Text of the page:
A new study by the American Association of University Women found that the gender pay gap that causes women to earn less than their male counterparts for the same work is not something that occurs over time, but rather is a problem as early as the one year after college graduation, as of the most recent data for 2009.
The study, Graduating to a Pay Gap, found that while the choices women make regarding major, occupation, and time spent at work, explain some of the pay disparity, one-third of the pay gap is unexplained, “suggesting that bias and discrimination are still problems in the workplace.”
Despite passage of the Equal Pay Act of 1963 nearly 50 years ago, women earn less than men in every occupation, the study found. Women are found to earn, on average, 82 cents for every dollar their male counterparts make. After accounting for time worked, college major, employment sector, and other factors associated with pay, the wage gap still exists, and women are found to earn 93% of what men earn.
The study offers a few explanations for the gap. Gender discrimination, as evidenced by the increasing number of claims filed with the Equal Employment Opportunity Commission, is one. Discrimination, however, is difficult if not impossible to measure. Another explanation is the gender difference in willingness and ability to negotiate for more pay.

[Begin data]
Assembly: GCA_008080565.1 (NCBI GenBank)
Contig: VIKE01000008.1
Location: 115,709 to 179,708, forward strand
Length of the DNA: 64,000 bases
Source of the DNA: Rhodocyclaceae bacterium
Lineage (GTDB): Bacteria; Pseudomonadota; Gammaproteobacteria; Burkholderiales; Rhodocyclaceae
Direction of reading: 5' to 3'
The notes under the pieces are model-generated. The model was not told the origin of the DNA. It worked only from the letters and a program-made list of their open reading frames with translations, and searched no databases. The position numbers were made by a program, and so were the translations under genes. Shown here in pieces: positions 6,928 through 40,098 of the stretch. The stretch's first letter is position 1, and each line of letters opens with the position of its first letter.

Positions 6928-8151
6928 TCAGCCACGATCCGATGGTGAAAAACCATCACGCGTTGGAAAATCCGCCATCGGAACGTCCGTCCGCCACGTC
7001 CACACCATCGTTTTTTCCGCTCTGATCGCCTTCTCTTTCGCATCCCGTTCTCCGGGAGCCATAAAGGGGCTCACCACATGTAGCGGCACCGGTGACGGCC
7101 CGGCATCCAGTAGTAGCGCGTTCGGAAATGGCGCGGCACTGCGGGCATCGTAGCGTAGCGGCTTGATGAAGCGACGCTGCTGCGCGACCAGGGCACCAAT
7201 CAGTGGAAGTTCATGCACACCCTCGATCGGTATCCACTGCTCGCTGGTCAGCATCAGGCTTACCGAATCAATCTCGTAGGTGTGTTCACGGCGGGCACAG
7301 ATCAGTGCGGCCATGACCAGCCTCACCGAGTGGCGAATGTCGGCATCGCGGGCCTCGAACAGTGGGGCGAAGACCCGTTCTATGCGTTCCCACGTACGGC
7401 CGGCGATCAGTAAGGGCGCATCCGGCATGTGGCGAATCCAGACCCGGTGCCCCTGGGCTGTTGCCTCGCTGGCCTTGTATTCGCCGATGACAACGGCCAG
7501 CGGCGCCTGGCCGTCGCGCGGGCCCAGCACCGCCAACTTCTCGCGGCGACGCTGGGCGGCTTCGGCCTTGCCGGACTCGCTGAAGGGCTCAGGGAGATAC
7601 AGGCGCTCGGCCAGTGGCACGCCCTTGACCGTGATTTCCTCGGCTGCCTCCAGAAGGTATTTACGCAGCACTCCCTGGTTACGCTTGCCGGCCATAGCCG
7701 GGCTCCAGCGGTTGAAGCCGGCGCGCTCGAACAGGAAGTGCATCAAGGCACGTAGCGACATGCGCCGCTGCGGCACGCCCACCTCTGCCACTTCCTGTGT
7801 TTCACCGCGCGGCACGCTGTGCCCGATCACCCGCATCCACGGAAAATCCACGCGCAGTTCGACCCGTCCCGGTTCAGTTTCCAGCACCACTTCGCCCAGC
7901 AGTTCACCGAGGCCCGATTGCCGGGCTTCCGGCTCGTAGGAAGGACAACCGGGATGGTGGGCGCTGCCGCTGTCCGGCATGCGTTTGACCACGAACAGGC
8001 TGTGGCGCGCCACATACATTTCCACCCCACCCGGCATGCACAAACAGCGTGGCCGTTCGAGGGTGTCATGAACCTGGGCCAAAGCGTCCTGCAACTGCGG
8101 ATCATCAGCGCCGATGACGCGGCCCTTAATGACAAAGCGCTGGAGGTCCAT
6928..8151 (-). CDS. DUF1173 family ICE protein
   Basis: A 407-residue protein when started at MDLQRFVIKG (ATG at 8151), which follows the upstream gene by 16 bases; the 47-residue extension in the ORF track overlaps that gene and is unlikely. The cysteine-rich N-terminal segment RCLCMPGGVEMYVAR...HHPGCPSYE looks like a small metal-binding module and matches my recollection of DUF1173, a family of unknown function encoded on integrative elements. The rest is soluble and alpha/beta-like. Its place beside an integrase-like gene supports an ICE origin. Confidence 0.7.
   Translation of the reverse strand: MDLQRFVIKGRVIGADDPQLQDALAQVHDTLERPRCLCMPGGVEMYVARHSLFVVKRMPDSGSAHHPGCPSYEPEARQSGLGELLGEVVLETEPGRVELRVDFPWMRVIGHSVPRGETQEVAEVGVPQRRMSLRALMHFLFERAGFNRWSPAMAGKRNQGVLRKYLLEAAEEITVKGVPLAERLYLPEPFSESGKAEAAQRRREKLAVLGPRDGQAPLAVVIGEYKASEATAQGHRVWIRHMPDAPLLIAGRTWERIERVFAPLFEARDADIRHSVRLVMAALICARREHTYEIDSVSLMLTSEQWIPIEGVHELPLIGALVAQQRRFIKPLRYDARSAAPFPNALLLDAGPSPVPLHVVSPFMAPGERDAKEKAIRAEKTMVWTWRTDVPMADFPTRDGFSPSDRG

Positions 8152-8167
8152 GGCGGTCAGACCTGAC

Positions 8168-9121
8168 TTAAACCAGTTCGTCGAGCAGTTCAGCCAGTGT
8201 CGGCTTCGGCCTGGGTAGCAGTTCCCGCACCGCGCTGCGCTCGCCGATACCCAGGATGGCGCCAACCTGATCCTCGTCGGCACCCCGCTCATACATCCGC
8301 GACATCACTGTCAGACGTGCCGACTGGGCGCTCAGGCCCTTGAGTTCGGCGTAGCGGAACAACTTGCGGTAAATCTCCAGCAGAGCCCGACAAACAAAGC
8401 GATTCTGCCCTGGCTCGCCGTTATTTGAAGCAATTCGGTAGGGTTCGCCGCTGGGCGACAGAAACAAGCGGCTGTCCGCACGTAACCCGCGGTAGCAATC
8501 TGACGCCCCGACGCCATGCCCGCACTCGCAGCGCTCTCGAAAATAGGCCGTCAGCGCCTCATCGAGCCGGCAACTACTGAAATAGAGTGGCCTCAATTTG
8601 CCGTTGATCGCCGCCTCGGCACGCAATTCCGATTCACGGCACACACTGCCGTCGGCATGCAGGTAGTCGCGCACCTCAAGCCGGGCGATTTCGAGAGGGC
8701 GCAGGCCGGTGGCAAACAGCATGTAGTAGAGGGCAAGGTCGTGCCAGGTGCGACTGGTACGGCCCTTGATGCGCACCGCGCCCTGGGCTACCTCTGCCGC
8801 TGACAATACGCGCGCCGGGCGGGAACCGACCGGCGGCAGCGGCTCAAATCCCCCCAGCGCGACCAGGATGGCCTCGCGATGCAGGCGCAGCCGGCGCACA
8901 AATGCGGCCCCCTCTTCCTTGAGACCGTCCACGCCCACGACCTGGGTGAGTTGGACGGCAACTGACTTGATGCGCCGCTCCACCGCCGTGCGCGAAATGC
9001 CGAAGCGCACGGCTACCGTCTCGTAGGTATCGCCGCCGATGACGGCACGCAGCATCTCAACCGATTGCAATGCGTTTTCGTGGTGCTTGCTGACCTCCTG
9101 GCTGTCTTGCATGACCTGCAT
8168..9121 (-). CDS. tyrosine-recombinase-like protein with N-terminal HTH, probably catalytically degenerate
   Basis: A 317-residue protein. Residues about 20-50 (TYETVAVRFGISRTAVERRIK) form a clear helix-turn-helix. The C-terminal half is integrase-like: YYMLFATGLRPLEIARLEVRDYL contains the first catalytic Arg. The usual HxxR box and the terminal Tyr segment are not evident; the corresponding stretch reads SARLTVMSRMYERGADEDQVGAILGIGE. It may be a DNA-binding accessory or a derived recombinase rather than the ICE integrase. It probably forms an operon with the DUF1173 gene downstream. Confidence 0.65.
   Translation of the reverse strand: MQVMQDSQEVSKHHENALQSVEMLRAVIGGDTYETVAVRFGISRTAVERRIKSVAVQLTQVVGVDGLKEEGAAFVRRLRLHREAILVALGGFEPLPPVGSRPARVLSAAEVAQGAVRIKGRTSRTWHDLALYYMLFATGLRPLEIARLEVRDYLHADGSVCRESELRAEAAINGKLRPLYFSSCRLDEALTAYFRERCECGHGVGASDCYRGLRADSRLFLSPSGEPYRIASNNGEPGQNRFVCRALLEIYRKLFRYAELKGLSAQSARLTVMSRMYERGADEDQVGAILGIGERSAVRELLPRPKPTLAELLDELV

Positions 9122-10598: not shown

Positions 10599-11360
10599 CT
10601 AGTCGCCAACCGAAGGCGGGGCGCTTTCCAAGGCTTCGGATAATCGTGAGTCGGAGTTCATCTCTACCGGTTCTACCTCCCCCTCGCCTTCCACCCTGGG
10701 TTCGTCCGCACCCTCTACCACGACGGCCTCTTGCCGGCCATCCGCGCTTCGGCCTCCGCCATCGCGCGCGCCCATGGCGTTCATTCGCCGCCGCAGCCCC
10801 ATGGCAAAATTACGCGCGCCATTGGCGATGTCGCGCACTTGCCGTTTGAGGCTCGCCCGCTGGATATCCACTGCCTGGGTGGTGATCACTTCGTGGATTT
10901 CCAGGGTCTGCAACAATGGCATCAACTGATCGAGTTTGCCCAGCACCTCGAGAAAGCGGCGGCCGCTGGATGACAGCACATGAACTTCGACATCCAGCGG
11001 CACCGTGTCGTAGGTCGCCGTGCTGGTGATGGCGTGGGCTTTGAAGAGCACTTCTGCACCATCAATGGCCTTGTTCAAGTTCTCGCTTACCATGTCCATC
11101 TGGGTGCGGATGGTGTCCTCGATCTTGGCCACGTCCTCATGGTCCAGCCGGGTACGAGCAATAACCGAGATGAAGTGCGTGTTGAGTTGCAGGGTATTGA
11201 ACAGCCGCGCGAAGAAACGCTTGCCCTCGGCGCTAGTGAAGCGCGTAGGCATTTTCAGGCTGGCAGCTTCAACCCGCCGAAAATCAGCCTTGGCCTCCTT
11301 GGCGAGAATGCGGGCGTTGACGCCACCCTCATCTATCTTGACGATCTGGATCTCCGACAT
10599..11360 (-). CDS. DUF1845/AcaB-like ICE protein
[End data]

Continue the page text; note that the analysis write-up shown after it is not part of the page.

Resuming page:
Study authors recommend that to solve the pay gap problem, the public must first acknowledge that it exists. Second, women can make different choices, such as not fearing negotiation or choosing to take union jobs, which could improve earnings. Women can’t change the gap alone, study authors write, concluding that the government must create better public policies, and employers must invest in more transparent pay systems that they can believe competitors follow as well.